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Commissioners mull creating fund to slash debt

The Mecklenburg County Board  of Commissioners is taking a hard look at its spending habits and considering creating a fund to pay down its debt.

On Friday, commissioners discussed the county’s debt service, comparing Mecklenburg with other North Carolina cities, and examined how the county can maintain its AAA rating with Standard & Poor’s, Fitch, and Moody’s Investors Service.

County Finance Director Dena Diorio said the fund, which would provide dedicated funding for debt service, would allow debt service and capital expenditures to be more budget-neutral and intentional. The proposed revenue sources for the fund include $30 million in sales tax revenues and $11 million in lottery revenues. Both of those sources are considered “variable” sources of revenue, as is the investment income which will only net the county $500,000 a year.

Diorio said the county’s debt service — the cost to repay debt, including interest and principal — is $271 million. That comes out to $3,111 for every Mecklenburg County resident. That figure will decrease to $2,812 per person during fiscal 2011.

When comparing per-capita debt from the 2010 budget with other counties across the state, Mecklenburg leads the pack. In Durham County, the debt per capita is $2,387. In Forsyth County, it is $2,795. Guilford County’s is $2,332, and Wake County’s is $2,874.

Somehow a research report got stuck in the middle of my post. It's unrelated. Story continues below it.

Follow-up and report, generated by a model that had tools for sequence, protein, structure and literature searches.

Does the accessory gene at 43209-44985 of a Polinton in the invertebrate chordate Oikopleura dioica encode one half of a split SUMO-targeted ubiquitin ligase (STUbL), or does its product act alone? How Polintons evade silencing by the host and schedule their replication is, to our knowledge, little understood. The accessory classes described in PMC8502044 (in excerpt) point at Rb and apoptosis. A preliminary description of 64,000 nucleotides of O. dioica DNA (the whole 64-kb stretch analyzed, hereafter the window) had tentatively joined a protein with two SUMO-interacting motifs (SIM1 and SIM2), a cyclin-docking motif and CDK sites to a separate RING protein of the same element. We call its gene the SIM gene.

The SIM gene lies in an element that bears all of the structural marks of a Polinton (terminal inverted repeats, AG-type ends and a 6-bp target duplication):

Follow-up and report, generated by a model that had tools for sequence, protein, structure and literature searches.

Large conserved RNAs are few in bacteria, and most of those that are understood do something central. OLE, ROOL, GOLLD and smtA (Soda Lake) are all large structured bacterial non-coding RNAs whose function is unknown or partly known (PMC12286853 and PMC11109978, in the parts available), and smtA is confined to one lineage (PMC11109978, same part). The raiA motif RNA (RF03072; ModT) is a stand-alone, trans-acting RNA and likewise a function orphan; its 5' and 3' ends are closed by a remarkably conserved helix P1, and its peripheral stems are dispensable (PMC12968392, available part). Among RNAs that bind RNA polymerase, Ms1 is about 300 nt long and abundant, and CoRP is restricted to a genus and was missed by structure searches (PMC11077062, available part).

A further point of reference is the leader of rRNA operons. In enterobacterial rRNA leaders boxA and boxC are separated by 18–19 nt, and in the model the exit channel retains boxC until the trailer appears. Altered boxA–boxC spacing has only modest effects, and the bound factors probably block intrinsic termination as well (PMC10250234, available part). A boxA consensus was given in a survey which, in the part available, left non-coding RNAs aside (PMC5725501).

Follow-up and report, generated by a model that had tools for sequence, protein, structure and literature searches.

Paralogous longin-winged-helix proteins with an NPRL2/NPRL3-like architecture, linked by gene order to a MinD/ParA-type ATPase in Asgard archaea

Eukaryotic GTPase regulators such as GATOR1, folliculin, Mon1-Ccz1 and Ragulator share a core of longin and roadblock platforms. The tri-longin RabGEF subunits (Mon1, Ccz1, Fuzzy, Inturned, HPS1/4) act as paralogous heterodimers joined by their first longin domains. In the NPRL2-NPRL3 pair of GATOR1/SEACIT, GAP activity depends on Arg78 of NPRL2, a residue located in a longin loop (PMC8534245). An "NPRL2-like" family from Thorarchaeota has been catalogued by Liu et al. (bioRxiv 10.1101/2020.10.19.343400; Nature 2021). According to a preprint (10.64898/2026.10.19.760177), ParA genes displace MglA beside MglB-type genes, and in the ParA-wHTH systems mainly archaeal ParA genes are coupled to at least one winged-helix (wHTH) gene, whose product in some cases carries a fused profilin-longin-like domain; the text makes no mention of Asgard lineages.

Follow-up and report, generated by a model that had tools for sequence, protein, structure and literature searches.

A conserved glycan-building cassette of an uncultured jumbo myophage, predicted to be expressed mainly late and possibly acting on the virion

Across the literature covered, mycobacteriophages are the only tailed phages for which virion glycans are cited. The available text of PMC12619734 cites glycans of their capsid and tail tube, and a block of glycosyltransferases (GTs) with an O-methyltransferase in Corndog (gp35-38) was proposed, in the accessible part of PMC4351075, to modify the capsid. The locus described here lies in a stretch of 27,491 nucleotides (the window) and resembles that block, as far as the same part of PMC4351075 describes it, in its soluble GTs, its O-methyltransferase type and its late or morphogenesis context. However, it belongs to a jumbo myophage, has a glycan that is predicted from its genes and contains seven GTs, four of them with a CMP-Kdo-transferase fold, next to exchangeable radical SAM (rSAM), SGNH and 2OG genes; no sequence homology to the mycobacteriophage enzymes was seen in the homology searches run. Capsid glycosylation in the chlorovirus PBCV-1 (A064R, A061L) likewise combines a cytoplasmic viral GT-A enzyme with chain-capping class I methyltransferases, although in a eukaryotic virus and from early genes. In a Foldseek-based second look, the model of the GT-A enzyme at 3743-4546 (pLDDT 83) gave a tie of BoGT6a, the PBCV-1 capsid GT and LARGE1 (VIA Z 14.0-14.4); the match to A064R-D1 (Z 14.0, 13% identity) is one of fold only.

Mecklenburg County’s debt is 3 percent of the assessed value of the county’s property, also the highest among comparable counties, the closest of which was Forsyth at 2.8 percent. In fiscal 2011, Mecklenburg’s debt is expected to drop to 2.7 percent of the assessed value.

Paying on the debt accounted for 18 percent of the county’s budget in 2010. That jumps to 21.3 percent in the 2011 budget, but part of the increase stems from a variable rate that requires the finance department to budget for more than is needed, Diorio said. It will likely be 20.4 percent, she said.

In 2010, Forsyth County paid 13.5 percent of its budget to debt service, while Guilford allotted 13 percent. Wake County had 10 percent of its budget and Durham County had 9 percent of its budget go toward debt service.

Mecklenburg County did surpass other comparable counties in its 10-year payout ratio, managing to pay off 72.1 percent of its debt within that time. Wake County came in second among the counties, paying off 71.4 percent of its debt in 10 years. Forsyth paid of 56.1 percent within 10 years, the least paid off by a comparable county.

A reimbursement from Central Piedmont Community College will bring in a “stable” $1.3 million a year, and revenues from Alcohol Beverage Control outlet sales will earn the county $600,000 a year, also a “stable” source of income. Fitch wants to perform a review on the county’s 2009 variable rate issue, which could result in a ratings action.

County leaders will meet with Fitch, Moody’s and S&P during a March 2-3 trip to New York.

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